Liberty Seminar   [Archived Catalog]
2016-2017 School of Law Bulletin (Archived Copy)

LAWS 668 - Liberty Seminar

Credits: 2

This seminar examines a difficulty at the heart of the Constitution's commitment to liberty: how can we reconcile majority rule with individual rights? That is to say, how can we curtail our ability to govern ourselves as part of a community or our right to be free of interference in how we choose to live our own lives without sacrificing an important part of our freedom? To see whether there is any principled basis for limiting either collective judgment or individual liberty, students will review some of the more prominent arguments of political philosophy, paying particularly close attention to the writings of two great champions of liberty, John Stuart Mill and Isaiah Berlin. They will then examine competing conceptions of liberty as they relate to a number of specific legal topics, which may include the following: whether a patient has a right to assisted suicide; the ability of the majority to regulate or forbid certain sexual practices; the arguments for and against campaign finance reform; and the role of the business corporation in a free society.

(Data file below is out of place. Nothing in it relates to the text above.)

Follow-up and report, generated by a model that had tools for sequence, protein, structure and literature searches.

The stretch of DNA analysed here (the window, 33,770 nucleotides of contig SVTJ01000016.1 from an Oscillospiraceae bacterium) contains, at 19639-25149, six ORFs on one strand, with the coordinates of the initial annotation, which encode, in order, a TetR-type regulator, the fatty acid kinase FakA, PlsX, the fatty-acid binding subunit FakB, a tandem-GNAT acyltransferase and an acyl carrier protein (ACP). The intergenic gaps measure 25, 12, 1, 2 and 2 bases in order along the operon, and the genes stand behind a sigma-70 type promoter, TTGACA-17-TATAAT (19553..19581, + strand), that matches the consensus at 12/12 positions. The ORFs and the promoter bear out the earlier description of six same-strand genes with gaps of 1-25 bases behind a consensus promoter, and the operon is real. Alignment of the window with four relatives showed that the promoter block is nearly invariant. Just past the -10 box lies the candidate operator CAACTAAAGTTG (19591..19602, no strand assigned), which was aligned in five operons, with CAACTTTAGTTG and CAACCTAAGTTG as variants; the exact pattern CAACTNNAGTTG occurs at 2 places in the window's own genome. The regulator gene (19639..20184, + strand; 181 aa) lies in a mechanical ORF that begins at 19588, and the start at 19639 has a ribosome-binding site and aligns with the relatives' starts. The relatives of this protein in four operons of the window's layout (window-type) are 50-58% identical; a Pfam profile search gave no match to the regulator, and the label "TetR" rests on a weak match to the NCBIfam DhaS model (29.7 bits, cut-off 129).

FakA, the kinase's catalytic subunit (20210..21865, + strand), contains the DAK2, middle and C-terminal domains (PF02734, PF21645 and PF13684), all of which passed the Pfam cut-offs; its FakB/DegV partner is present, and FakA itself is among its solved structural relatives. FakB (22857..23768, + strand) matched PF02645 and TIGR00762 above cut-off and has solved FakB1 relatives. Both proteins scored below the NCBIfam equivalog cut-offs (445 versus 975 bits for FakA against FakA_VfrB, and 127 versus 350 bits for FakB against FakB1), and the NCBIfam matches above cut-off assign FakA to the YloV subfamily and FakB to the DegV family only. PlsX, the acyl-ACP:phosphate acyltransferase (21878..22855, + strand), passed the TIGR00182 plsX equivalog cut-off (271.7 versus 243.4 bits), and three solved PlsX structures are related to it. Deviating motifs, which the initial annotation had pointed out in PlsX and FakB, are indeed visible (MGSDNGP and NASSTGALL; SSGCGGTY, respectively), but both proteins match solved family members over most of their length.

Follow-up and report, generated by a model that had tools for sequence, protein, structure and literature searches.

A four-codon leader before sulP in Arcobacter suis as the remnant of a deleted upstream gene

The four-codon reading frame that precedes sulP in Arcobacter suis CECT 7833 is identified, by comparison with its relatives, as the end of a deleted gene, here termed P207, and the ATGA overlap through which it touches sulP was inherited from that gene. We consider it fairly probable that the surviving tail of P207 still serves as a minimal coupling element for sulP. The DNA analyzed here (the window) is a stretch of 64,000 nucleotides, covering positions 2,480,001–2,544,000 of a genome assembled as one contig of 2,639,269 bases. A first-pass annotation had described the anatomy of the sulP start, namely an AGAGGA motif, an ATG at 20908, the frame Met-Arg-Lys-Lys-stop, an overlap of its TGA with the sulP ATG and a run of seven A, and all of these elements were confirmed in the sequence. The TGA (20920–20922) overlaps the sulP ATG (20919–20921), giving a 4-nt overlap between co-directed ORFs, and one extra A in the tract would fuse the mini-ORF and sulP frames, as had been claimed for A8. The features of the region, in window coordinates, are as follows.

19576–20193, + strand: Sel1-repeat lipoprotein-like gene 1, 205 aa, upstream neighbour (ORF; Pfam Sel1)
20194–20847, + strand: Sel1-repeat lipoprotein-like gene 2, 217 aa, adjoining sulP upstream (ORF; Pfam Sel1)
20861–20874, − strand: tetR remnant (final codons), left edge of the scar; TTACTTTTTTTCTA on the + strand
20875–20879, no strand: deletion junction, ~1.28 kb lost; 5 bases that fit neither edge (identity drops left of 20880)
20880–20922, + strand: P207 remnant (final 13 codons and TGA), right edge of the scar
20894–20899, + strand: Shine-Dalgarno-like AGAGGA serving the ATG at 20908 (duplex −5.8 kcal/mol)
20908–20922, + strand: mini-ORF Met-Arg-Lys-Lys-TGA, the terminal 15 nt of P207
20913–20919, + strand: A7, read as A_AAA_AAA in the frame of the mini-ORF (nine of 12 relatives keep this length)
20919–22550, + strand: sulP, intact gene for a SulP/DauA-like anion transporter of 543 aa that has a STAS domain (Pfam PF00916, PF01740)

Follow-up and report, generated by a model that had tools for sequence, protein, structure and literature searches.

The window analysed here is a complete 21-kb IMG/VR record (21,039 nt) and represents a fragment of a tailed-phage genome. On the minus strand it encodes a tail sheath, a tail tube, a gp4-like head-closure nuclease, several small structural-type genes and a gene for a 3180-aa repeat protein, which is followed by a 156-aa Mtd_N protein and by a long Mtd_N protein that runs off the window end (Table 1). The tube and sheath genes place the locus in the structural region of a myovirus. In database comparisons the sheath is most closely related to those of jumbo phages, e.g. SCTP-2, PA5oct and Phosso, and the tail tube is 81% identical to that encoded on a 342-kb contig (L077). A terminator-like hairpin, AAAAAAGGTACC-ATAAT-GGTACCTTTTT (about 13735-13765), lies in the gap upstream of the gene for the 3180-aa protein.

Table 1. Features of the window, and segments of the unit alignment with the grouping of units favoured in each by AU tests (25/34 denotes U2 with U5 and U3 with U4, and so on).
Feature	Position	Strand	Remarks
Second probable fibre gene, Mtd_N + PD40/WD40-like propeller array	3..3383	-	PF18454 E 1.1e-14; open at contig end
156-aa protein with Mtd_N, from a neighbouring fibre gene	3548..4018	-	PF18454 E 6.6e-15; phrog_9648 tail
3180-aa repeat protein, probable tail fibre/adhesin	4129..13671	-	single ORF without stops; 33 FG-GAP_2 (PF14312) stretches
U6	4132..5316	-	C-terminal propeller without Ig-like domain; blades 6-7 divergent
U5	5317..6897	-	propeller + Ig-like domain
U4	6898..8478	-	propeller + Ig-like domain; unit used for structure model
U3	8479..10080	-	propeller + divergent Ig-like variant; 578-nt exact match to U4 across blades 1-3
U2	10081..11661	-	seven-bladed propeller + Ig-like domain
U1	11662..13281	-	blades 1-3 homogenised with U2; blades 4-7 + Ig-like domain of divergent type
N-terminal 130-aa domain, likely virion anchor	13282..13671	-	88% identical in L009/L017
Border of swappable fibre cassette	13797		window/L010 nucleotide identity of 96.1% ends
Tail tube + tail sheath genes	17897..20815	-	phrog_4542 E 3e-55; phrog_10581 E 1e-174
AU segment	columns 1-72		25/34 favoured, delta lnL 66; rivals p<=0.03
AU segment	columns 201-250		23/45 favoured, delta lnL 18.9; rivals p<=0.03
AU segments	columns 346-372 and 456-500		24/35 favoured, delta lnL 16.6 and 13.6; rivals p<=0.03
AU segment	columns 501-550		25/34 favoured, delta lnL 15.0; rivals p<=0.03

Prerequisites: None

Note: This course satisfies the perspective course requirement, but does not satisfy the graduation writing requirement.

Basis of Grade: Response papers, class participation, and final paper